One of the foundations of a Montessori education at FMS, is the fundamental skill of teaching students how to “organize” their work. It begins the first day in our primary classrooms and continues as a constant theme in every grade thereafter. A key writing tool for organizing thoughts and ideas is the use of the thinking map. A thinking map is a visual tool students are taught to help focus their ideas into a format that makes writing easier.
The entire FMS staff has had two full trainings by Ms. Erica, our Lead Middle School teacher, on the purpose and use of thinking maps. Ms. Erica is certified by the Innovative Learning Group to impart the specifics of using thinking maps. Her enthusiasm and proficiency for using thinking maps conveyed the big picture as to why thinking maps are vital as our “go to” writing tool.
Thinking maps corral scattered and random thoughts in a format that visually represents the desired final effect. It can be as simple as defining a concept, to comparing and contrasting, or sequencing and analyzing cause and effect. Early in this process, Kindergarteners are introduced to the concept of classifying information by using the simplest format, the circle map. They might use the word “colors” in the center and then list all the colors they know in the space around the center circle.
We also learned that drawing a picture of an event in detail helps open the minds of the new writers as they explore the process of defining and describing events in their lives. The more detailed their pictures, the easier it is for them to write sentences. Before they know it, one sentence turns into three as they answer questions such as “When did this happen?”, “Who was involved?”, or “How did you feel about the event?”
According to Innovative Learning Group, “thinking maps are a set of graphic organizer techniques used in primary and secondary education (“K-12”). There are eight diagram types that are intended to correspond with eight different fundamental thinking processes. The eight map types are:
In Thinking with Maps, Elisabeth Camp (2007) investigates how individuals think and how thinking is related to language. Camp (2007) states that “…thinking in maps is substantively different from thinking in sentences” (p. 155). This concept supports Hyerle’s (2011) idea that Thinking Maps possess an artistic and kinesthetic component, where students can feel free to express their ideas in a “drawing,” or map, instead of using complete written sentences. Thinking Maps support learners who thrive with the artistic and kinesthetic multiple intelligences of learning.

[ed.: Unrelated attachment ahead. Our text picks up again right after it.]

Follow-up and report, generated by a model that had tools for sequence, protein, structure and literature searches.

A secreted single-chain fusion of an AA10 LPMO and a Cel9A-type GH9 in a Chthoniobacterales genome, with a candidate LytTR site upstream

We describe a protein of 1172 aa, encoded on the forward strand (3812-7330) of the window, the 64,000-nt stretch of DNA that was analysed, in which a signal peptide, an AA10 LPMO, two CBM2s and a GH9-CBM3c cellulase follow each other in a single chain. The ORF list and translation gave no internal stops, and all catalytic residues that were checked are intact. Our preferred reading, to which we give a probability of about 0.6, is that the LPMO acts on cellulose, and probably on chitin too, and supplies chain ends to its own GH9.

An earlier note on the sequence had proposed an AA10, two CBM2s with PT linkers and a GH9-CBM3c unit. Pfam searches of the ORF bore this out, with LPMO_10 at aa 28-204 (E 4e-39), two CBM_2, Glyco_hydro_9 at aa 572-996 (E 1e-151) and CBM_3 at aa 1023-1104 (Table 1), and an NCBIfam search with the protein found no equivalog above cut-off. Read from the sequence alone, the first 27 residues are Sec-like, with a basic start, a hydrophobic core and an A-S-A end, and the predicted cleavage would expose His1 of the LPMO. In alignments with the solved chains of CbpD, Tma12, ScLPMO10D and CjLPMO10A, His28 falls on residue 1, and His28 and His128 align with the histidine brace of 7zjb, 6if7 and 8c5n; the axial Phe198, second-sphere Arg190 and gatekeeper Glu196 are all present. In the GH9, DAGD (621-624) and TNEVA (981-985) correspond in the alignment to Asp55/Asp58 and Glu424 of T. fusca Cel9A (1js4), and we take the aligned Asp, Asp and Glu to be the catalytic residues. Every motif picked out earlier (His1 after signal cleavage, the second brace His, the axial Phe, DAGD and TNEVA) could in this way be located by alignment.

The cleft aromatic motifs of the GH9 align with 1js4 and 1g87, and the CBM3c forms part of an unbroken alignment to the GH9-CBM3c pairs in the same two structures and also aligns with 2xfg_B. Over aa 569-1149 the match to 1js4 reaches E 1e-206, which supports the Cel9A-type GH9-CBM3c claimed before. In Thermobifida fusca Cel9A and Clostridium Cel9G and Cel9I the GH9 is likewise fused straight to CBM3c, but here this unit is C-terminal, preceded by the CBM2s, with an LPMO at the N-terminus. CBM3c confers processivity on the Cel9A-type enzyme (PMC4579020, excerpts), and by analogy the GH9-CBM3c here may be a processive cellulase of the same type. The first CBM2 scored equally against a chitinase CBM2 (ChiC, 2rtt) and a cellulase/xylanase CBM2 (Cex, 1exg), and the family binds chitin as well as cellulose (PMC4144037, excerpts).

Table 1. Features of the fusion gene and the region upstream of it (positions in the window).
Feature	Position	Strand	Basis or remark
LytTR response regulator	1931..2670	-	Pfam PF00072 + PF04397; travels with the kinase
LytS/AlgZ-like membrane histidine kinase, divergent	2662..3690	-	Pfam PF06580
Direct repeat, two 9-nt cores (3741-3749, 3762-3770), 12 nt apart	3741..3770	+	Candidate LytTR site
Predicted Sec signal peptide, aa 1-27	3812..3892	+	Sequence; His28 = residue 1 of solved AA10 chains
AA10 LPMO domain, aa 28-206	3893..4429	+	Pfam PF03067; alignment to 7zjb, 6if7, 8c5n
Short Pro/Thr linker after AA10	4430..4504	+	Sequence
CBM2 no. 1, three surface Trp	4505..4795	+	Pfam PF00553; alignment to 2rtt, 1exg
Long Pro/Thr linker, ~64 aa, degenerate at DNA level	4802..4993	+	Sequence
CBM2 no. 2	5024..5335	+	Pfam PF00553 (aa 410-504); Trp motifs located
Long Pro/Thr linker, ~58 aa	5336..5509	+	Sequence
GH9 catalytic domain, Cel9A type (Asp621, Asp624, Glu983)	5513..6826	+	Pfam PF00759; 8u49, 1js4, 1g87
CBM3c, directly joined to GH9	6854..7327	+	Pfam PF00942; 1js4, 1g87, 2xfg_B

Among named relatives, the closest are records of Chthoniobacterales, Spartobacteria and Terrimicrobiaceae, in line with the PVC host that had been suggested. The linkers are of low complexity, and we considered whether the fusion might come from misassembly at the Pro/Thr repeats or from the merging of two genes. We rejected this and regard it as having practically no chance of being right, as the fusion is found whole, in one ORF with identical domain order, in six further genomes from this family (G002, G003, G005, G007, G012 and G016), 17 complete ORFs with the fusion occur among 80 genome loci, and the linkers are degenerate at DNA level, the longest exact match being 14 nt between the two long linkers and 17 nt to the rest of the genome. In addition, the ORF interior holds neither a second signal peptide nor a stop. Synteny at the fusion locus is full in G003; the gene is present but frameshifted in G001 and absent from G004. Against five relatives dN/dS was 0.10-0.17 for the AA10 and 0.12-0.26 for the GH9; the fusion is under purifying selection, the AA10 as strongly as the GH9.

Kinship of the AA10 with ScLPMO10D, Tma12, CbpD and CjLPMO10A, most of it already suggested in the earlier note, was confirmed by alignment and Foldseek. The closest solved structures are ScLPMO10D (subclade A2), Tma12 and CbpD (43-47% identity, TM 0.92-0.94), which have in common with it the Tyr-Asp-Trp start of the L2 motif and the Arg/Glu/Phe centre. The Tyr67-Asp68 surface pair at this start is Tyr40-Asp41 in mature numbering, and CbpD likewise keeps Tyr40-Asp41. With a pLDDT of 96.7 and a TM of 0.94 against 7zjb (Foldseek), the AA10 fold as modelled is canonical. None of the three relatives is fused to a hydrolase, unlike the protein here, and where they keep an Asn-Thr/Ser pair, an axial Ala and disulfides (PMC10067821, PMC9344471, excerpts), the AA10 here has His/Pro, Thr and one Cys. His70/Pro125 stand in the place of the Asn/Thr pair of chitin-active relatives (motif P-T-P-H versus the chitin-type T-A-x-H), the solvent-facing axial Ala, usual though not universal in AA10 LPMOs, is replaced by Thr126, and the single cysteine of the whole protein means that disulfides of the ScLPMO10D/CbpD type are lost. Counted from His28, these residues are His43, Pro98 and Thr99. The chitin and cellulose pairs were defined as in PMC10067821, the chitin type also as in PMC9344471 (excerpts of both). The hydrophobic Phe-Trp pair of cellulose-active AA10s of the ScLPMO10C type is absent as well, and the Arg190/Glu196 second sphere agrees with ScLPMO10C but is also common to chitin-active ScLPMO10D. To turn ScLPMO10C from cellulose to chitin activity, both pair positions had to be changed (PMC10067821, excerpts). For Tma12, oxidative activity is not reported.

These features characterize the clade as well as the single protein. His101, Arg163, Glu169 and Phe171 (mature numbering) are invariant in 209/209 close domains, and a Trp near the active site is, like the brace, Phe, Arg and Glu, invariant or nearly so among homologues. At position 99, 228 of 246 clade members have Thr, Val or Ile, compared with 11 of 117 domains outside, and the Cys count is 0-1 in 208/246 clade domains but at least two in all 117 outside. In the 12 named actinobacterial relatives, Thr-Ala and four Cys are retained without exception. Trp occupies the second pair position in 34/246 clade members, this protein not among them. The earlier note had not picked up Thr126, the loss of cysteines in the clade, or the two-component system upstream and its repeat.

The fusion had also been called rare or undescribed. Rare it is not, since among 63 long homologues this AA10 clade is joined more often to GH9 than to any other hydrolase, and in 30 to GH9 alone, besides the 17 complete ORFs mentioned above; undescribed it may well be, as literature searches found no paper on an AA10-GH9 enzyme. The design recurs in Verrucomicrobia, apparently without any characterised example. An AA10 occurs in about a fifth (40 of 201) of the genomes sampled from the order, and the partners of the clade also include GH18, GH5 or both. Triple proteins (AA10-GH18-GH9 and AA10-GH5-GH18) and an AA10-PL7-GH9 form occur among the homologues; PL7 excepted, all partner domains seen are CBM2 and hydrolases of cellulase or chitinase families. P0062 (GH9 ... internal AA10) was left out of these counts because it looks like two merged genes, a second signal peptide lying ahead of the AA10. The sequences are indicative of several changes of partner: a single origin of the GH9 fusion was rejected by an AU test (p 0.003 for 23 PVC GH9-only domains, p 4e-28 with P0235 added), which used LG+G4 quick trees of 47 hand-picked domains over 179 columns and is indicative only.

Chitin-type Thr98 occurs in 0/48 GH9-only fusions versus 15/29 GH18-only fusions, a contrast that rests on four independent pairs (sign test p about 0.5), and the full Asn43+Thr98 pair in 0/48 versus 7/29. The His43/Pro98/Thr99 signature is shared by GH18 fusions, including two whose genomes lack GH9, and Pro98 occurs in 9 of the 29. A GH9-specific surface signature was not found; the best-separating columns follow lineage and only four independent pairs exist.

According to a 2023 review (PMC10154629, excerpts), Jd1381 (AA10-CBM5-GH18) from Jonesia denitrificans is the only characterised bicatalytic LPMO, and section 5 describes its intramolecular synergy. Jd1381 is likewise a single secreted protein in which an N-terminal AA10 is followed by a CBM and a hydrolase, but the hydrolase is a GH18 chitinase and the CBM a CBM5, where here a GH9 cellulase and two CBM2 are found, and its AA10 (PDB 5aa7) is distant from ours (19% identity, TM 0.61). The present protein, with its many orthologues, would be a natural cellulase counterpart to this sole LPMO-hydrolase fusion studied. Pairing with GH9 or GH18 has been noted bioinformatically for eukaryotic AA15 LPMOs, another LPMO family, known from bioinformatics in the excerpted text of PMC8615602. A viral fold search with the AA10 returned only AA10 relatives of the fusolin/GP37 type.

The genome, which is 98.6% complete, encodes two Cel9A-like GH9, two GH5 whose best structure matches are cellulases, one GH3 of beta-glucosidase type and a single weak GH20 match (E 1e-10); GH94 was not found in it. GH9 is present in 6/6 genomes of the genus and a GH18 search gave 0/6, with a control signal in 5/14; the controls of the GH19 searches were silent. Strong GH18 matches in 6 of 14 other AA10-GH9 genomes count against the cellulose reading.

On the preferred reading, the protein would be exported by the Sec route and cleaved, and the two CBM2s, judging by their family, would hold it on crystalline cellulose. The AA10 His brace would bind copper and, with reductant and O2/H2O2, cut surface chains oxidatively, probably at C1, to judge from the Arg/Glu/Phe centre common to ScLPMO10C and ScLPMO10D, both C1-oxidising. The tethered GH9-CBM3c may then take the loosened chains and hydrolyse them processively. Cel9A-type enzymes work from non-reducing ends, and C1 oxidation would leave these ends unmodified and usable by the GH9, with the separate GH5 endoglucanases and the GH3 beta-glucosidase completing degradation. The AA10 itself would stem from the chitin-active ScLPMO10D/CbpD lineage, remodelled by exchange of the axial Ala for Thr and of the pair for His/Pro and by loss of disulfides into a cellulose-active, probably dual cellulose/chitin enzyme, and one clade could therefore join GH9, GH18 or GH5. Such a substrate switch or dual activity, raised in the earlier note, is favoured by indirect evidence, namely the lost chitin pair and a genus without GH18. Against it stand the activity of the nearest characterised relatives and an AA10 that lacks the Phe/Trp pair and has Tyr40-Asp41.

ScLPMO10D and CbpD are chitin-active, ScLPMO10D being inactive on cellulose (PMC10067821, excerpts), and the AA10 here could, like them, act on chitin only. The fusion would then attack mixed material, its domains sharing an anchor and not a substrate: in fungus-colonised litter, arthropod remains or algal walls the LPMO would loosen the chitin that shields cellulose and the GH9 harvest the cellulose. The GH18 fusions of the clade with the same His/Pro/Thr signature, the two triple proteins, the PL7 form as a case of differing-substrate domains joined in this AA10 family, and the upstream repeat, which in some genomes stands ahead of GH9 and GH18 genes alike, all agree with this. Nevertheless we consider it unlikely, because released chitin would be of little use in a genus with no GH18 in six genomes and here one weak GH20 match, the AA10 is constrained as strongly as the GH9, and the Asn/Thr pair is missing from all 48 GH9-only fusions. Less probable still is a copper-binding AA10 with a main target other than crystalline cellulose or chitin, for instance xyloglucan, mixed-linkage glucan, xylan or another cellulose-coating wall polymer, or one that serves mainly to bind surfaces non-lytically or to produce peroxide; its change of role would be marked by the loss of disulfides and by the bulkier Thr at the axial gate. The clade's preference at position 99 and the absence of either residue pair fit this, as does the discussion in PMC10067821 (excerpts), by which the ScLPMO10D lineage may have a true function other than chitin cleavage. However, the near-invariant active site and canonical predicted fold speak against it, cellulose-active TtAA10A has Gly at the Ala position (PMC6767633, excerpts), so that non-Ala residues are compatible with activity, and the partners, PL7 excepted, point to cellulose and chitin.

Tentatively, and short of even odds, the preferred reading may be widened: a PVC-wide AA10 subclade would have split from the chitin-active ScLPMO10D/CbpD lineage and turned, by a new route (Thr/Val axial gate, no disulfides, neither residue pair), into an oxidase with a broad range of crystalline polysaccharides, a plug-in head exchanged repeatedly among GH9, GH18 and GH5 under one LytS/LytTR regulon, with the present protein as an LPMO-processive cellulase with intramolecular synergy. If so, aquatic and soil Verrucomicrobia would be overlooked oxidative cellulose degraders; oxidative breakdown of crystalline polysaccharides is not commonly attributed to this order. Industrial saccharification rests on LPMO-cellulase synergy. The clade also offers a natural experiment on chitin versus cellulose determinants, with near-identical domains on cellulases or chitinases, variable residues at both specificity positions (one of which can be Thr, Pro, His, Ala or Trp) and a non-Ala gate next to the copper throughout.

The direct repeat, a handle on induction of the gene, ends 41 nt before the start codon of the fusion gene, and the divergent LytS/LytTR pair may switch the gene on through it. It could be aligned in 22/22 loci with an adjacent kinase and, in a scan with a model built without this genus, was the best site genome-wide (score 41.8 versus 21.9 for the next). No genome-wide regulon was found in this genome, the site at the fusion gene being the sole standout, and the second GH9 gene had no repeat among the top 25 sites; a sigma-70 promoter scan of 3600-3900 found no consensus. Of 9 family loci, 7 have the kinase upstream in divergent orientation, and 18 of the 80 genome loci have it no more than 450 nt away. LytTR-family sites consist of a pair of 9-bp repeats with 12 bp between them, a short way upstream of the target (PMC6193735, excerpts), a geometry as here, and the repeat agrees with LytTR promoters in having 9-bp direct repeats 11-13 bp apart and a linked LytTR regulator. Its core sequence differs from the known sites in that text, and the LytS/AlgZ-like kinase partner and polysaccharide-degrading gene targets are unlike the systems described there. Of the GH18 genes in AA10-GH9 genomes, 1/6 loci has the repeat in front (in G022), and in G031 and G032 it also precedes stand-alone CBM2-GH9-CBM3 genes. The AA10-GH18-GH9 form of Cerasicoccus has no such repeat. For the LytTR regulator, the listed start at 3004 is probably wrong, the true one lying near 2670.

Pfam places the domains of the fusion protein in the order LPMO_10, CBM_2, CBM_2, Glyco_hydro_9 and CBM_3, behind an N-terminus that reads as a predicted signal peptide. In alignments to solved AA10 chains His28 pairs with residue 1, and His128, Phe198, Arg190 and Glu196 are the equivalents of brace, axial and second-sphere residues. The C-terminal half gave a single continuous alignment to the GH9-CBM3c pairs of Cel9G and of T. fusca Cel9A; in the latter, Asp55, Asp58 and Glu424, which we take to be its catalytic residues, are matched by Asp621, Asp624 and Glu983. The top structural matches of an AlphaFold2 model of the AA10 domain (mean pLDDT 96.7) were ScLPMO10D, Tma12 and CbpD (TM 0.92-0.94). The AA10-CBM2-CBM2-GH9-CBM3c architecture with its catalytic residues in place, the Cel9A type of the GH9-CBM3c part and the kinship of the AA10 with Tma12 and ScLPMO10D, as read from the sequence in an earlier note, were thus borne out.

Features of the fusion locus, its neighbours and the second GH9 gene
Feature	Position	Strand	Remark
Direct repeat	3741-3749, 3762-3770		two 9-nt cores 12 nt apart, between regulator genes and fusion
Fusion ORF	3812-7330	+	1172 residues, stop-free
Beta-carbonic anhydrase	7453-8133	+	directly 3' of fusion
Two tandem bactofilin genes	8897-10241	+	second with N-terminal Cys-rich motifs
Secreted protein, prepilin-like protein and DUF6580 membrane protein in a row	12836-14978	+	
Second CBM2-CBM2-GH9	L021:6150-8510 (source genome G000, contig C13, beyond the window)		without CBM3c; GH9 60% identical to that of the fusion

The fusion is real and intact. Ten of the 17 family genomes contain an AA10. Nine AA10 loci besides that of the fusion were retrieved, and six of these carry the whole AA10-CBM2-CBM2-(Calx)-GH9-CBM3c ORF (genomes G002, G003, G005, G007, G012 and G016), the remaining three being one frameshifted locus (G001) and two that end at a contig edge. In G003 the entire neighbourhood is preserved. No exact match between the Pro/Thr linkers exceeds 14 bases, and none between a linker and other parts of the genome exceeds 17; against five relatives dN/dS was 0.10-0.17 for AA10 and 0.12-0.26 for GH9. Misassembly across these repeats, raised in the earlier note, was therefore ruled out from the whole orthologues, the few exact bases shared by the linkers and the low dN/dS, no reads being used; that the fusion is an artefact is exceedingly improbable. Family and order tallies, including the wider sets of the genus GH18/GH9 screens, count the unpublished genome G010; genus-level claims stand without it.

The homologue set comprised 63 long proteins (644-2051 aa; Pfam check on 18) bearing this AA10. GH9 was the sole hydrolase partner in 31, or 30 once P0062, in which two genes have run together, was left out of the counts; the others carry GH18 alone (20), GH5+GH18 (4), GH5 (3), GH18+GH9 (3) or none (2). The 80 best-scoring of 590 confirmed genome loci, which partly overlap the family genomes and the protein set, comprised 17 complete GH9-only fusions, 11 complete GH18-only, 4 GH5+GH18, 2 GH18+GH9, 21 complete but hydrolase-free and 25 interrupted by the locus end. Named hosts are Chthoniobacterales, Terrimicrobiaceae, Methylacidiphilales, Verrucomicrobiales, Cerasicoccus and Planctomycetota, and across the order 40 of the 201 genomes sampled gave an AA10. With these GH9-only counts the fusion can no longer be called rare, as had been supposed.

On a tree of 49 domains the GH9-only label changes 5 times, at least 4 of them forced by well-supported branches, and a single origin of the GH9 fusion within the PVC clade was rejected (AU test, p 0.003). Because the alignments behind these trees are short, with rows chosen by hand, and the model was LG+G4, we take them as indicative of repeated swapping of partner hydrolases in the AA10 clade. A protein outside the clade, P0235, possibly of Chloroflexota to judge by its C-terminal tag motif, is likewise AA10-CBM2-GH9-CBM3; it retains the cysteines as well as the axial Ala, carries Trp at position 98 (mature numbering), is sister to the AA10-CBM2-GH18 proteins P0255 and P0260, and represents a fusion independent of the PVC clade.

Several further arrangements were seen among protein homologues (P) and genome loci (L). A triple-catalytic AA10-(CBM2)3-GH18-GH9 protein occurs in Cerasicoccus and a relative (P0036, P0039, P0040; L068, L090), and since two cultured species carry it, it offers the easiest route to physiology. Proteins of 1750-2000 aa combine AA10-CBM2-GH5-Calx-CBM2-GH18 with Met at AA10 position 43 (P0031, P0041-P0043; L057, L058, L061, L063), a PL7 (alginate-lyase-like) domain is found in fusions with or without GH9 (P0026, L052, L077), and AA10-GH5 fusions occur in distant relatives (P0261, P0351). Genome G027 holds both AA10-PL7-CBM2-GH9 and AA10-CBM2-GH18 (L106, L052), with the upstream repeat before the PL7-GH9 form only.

Thinking maps are used throughout each of the grades in FMS. The level of detail and fact finding increases as the students move to the older grades, but the fundamental skills of framing their thoughts into a clear and reproducible pattern is taught in the early stages of learning to write.
Our middle school students weighed in on the usefulness of using thinking maps:
Of all of the ways we have learned to study, thinking maps have been by far the most helpful. Whenever there is a test coming up and I get ready to study, I always organize my notes into thinking maps. I feel like when I use thinking maps it helps me understand the information better. If there is a whole section on dates – which personally are the hardest things to study for me, I always bring out my thinking maps and use a flow map. It puts the information in order to help me memorize it. Sometimes, I am even able to add multiple maps together to make it MORE easier.
Another reason I love thinking maps is because when we take notes in class it gets stressful sometimes when you have to write down information about a gigantic battle. But, if you use the correct thinking maps you will soon realize that it isn’t stressful at all. What’s also amazing about thinking maps is that they help me in writing class. When we prewrite, I have ideas but it can sometimes be hard for me to organize all of my thoughts, and thinking maps really helps with that.
Thinking maps also are a great way to get me thinking critically. Thinking critically can be extremely hard for some people, but for me I like the challenge. And thinking maps give me the challenges that I need. Also, I have grown up with these maps. I have been going to this school since I was three and every time I would move up a grade we would have a thinking map lesson. This shows me how important and helpful they are. This is why I love thinking maps and can always rely on them.